Italy’s banks are paying the price for Prime Minister Giorgia Meloni’s need to cater to the more populist elements in her right-wing coalition.
(Bloomberg) — Italy’s banks are paying the price for Prime Minister Giorgia Meloni’s need to cater to the more populist elements in her right-wing coalition.
The latest pact between Meloni and Deputy Premier Matteo Salvini, on a surprise 40% tax on bank earnings which rocked markets, was discussed Sunday night, according to people familiar with the issue. The setting: a dinner of Fiorentina steak and Chianti wine with their partners near the Tuscan coast.
The last-minute decision meant that the policy was full of holes when it was announced by Salvini 24 hours later. Finance ministry officials spent Tuesday trying to work out how to implement their bosses’ broad-brush plans and how to reassure investors as bank stocks plummeted, said the people who asked not to be named on a confidential matter.
The outcome was late-night backtracking before an official clarification to explain the levy’s impact would be limited for many lenders. About $10 billion was wiped from banks’ market value before shares slowly recovering Wednesday.
— Corriere della Sera (@Corriere) August 9, 2023
It was only Wednesday afternoon that Meloni broke her silence on the tax. She said in a Facebook video that given increases in prices and the cost of mortgages, “in this situation it is key that the banking system behave as fairly as possible.”
Meloni said the levy was a result of the banks’ behavior, and also said the efficacy of the European Central Bank’s interest hikes was “questionable.” She added that the rate hikes for banks were mostly not followed by increases in deposit rates “and so we saw banks recording record profits, so we decided to intervene with the only instrument the government has: taxes.”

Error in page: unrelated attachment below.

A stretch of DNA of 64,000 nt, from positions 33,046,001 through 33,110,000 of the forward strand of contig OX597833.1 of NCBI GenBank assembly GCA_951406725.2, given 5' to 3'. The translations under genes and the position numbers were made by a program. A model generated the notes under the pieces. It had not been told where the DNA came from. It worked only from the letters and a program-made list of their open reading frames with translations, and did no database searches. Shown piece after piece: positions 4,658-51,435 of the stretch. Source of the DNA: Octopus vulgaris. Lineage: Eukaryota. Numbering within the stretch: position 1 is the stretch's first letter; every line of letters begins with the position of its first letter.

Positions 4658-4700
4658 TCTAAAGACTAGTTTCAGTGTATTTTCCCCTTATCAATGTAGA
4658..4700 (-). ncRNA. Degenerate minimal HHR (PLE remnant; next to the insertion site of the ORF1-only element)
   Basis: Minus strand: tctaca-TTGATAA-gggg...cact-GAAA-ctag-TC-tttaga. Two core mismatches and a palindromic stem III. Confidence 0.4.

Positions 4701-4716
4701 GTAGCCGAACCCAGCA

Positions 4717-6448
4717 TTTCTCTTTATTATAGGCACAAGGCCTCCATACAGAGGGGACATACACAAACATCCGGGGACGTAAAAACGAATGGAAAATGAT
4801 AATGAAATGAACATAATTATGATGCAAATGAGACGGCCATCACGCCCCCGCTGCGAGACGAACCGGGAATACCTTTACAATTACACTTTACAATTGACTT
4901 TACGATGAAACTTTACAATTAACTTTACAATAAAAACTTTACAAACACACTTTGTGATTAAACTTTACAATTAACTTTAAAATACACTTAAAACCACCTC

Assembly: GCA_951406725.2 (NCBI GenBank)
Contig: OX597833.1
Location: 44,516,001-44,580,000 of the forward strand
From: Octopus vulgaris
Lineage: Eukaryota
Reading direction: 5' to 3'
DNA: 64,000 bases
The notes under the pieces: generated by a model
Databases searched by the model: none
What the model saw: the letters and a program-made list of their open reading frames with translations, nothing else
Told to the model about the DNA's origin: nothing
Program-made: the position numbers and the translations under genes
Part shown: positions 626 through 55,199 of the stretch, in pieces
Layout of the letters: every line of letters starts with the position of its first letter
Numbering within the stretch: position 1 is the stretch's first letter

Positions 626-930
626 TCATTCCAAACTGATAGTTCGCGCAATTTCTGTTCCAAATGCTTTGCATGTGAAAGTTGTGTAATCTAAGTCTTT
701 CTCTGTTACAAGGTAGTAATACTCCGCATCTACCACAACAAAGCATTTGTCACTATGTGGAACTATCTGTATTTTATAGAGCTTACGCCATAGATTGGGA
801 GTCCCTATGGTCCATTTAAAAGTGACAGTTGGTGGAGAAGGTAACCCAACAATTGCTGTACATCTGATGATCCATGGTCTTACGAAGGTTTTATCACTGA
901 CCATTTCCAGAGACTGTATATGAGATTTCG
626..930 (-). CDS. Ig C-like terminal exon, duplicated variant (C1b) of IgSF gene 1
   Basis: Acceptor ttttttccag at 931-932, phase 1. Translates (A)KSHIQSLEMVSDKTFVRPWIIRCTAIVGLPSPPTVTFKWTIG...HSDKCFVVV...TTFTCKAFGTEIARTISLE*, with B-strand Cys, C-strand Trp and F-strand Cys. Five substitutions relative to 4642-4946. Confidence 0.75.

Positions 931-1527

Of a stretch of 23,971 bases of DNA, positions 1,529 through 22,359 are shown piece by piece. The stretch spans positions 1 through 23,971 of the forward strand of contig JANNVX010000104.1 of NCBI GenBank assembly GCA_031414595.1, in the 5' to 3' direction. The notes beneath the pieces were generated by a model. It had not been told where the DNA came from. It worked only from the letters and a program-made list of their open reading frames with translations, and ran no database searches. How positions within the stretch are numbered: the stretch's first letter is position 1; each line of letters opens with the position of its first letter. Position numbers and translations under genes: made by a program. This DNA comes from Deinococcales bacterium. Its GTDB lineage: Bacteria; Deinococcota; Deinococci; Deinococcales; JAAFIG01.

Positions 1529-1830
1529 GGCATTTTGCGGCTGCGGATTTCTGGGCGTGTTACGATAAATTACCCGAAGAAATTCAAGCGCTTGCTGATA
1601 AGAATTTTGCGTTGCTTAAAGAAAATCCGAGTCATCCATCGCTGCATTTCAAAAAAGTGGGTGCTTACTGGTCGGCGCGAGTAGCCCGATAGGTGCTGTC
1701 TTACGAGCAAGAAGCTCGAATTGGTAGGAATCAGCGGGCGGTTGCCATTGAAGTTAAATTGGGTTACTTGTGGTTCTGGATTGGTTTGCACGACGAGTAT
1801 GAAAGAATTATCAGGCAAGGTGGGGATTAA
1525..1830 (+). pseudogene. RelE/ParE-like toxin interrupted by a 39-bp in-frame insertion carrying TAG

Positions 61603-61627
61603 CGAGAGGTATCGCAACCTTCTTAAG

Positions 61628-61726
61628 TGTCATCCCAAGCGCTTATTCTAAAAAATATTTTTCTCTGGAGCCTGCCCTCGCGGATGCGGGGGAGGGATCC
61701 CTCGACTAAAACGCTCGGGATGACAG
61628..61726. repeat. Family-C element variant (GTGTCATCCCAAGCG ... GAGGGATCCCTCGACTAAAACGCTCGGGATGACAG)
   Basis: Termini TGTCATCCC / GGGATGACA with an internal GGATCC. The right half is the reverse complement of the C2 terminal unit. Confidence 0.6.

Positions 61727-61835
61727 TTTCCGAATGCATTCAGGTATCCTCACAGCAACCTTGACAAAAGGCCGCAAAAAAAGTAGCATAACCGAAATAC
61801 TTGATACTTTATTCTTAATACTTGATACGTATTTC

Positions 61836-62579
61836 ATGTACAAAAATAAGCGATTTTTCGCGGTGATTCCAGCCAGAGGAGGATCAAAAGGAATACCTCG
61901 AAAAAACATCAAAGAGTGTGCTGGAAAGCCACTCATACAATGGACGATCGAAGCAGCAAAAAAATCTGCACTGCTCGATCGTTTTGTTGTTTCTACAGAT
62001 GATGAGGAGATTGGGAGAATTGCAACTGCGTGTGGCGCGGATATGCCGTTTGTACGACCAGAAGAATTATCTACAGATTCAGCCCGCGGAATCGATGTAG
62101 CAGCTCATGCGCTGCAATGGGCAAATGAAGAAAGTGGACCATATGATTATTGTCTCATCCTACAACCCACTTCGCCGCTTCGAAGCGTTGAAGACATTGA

“This is a self-destructive move by the government which is devastating for the country’s reputation,” said Carlo Alberto Carnevale Maffe, professor of business strategy at Milan’s Bocconi University.
He noted the government changed the details of the levy repeatedly.
“They have undone in one night the credibility which had been painstakingly built up with a cautious attitude toward markets and investors in the first months of the government,” Carnevale Maffe said.
This is the second time that Meloni has spooked markets. In April, shares in energy company Enel SpA slumped after she cut an eleventh-hour deal with Salvini, who leads the powerful anti-migrant League party, and other coalition partners nominating Flavio Cattaneo for the post instead of her preferred choice.
Each time Salvini has insisted on pushing his populist agenda, Italy’s first female premier has remained silent, letting things play out in the markets and waiting for the storm to pass.
Meloni kept her distance. She and Finance Minister Giancarlo Giorgetti were both conspicuously absent when Salvini announced the tax during a press conference. She chose to let Salvini take center-stage on the levy, to grant her ally a political victory and in an attempt not to jeopardize her image as a pro-market figure, the people said.